Ed Tech Startup ‘Kids That Code’ Picks up STEAM in Riverside
Instructor Hector assists a student in the program. Courtesy Kids That Code
Life changed in 90 seconds for two business students enrolled in the California State University, San Bernardino, entrepreneurship program.
Alfonso Anaya and Jose Navarrete launched their company Kids That Code after successfully presenting the idea to a panel of investors and entrepreneurs at the Inland Empire Center for Entrepreneurship Fast Pitch Competition.
“We received great feedback on our concept to bring STEAM (Science, Technology, Engineering, Art & Math) education to children of all ages,” Anaya said.
The founders understood the reality that high-paying jobs of the future would be in technology, and the skills necessary to perform those jobs rely on development early in life.
A student wears a Kids That Code t-shirt to the program. Courtesy Kids That Code
Kids That Code started serving the Inland Empire in 2015 through afterschool programs, weekend workshops, and camps for kids to learn robotics, website creation, game design, or try their hand at 3D character development. Within a few years, the startup experienced explosive growth — thanks to acceptance into the ExCITE Riverside Incubator program.
“ExCITE allowed us to further refine our idea, consult with experts, be part of a startup ecosystem, and save on office space,” Anaya said.
Upon graduation in 2021, an ExCITE connection helped the company secure its first interactive learning center at Canyon Crest Towne Centre in Riverside. Anaya said he is thrilled to be headquartered in a community that strongly nurtures entrepreneurship.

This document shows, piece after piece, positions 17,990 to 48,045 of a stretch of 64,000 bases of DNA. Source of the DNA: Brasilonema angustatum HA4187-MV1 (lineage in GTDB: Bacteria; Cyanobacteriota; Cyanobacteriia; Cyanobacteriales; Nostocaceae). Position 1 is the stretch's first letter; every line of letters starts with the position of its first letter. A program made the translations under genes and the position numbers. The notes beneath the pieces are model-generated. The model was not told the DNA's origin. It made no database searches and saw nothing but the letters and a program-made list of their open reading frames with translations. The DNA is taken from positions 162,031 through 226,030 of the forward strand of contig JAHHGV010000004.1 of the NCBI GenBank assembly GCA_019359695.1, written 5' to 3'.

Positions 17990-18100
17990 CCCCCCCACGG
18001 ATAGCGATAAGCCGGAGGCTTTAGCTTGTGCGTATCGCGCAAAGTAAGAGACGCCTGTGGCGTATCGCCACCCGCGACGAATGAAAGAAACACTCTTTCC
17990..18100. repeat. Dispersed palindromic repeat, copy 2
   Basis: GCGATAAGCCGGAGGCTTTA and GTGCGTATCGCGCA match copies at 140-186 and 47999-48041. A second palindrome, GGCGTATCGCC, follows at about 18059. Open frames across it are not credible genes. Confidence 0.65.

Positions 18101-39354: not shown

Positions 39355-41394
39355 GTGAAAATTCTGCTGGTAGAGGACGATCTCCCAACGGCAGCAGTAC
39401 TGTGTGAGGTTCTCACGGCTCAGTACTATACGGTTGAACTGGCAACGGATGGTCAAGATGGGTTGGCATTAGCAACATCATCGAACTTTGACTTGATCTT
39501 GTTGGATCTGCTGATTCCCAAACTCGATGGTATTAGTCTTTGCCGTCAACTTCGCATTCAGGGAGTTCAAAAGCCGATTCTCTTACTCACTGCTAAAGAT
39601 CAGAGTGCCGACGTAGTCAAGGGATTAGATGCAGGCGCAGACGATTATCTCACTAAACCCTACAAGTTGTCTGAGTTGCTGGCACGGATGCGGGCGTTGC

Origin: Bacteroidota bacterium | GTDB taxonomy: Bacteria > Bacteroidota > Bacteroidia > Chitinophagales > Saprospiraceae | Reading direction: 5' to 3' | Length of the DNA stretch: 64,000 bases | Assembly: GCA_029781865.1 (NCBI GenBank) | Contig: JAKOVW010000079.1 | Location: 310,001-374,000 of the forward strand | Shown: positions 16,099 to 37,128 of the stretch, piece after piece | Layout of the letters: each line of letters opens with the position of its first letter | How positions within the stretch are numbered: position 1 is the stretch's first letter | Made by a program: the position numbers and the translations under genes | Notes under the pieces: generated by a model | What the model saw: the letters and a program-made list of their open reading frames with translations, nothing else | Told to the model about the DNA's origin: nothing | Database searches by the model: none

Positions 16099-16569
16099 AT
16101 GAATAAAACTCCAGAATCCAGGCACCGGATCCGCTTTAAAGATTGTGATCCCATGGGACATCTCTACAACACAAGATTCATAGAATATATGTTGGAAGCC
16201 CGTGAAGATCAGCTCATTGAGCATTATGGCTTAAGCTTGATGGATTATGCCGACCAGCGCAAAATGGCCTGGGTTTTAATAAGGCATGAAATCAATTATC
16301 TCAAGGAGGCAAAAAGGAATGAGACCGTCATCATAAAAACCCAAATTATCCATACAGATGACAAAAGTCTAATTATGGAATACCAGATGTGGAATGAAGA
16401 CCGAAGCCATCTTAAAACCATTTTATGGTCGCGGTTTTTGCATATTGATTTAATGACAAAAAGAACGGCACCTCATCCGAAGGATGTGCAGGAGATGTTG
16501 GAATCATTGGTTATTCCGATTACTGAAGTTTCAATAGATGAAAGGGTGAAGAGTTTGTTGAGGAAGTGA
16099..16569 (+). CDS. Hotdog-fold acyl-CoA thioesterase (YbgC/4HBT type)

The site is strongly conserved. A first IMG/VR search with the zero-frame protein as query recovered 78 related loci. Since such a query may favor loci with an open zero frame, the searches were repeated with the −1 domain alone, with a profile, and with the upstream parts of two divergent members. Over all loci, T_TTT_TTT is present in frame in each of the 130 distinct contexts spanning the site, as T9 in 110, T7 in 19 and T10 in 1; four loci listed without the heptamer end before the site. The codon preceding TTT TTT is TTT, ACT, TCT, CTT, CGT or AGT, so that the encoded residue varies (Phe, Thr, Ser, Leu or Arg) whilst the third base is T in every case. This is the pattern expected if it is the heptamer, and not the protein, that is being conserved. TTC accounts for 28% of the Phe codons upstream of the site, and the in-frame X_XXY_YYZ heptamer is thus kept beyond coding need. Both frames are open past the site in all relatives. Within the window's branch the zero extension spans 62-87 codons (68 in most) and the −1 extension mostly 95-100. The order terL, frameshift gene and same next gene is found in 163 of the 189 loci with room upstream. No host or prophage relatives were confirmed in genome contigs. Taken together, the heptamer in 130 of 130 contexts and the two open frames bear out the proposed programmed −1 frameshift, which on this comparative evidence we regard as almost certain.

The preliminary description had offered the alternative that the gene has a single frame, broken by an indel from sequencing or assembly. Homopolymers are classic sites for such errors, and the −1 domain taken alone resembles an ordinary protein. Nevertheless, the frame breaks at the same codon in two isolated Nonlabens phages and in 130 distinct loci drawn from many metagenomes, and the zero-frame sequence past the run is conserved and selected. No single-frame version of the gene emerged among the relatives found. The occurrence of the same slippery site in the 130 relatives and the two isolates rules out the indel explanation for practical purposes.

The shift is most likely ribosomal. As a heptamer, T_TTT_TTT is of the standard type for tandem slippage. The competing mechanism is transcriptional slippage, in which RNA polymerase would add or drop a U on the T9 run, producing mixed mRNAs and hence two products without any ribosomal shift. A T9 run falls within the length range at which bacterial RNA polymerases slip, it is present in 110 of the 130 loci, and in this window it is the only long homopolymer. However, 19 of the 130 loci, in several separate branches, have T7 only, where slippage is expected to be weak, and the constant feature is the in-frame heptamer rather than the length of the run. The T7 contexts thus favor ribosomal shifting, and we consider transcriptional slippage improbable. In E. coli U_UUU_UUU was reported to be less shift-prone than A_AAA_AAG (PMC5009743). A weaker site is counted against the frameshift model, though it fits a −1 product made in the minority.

“It’s a privilege to be part of Riverside’s commitment to companies growing here,” Anaya said. “It feels like we’re always at the forefront of the City’s mind.”
Students pack a Kids That Code session. Courtesy Kids That Code
Anaya explained how the ExCITE ecosystem helped inform the team of small business grants and COVID-19 relief — a lifeline for the self-funded startup.
“Kids That Code puts Riverside on the map for education technology,” said Mayor Patricia Lock Dawson, City of Riverside. “Being home to such a promising startup brings exciting educational opportunities to our local youth and empowers other companies to lay down roots and scale here too.”
Looking ahead, Kids That Code has its foot on the gas, hoping to expand and reach students beyond Riverside and San Bernardino counties. The company is readying to approach angel investors and venture capitalists, add to its roster of 10 specialized instructors and staff, as well as grow its offering to parents.
“We’re starting a series for adults to spend their lunch hour learning a variety of topics around coding and technology,” Anaya said.
Instructor Nicole assists students in the program. Courtesy Kids That Code
For Anaya, a former software engineer, it has been an honor of a lifetime to facilitate students’ journey through code. He is particularly heartened by the number of females he sees embracing technology.
“At our last spring break camp, the boys were outnumbered by girls nine-to-one,” Anaya said.
Anaya said he gets excited about preparing the kids of today for the careers of the future, recounting a conversation with a parent who said her son suddenly likes math because of Kids That Code.
“If they (kids) can grasp coding skills, they will write their own ticket,” Anaya said. “They won’t be stuck trying to find a job; the jobs will find them.”
For more about Kids That Code, go to www.kidsthatcode.org.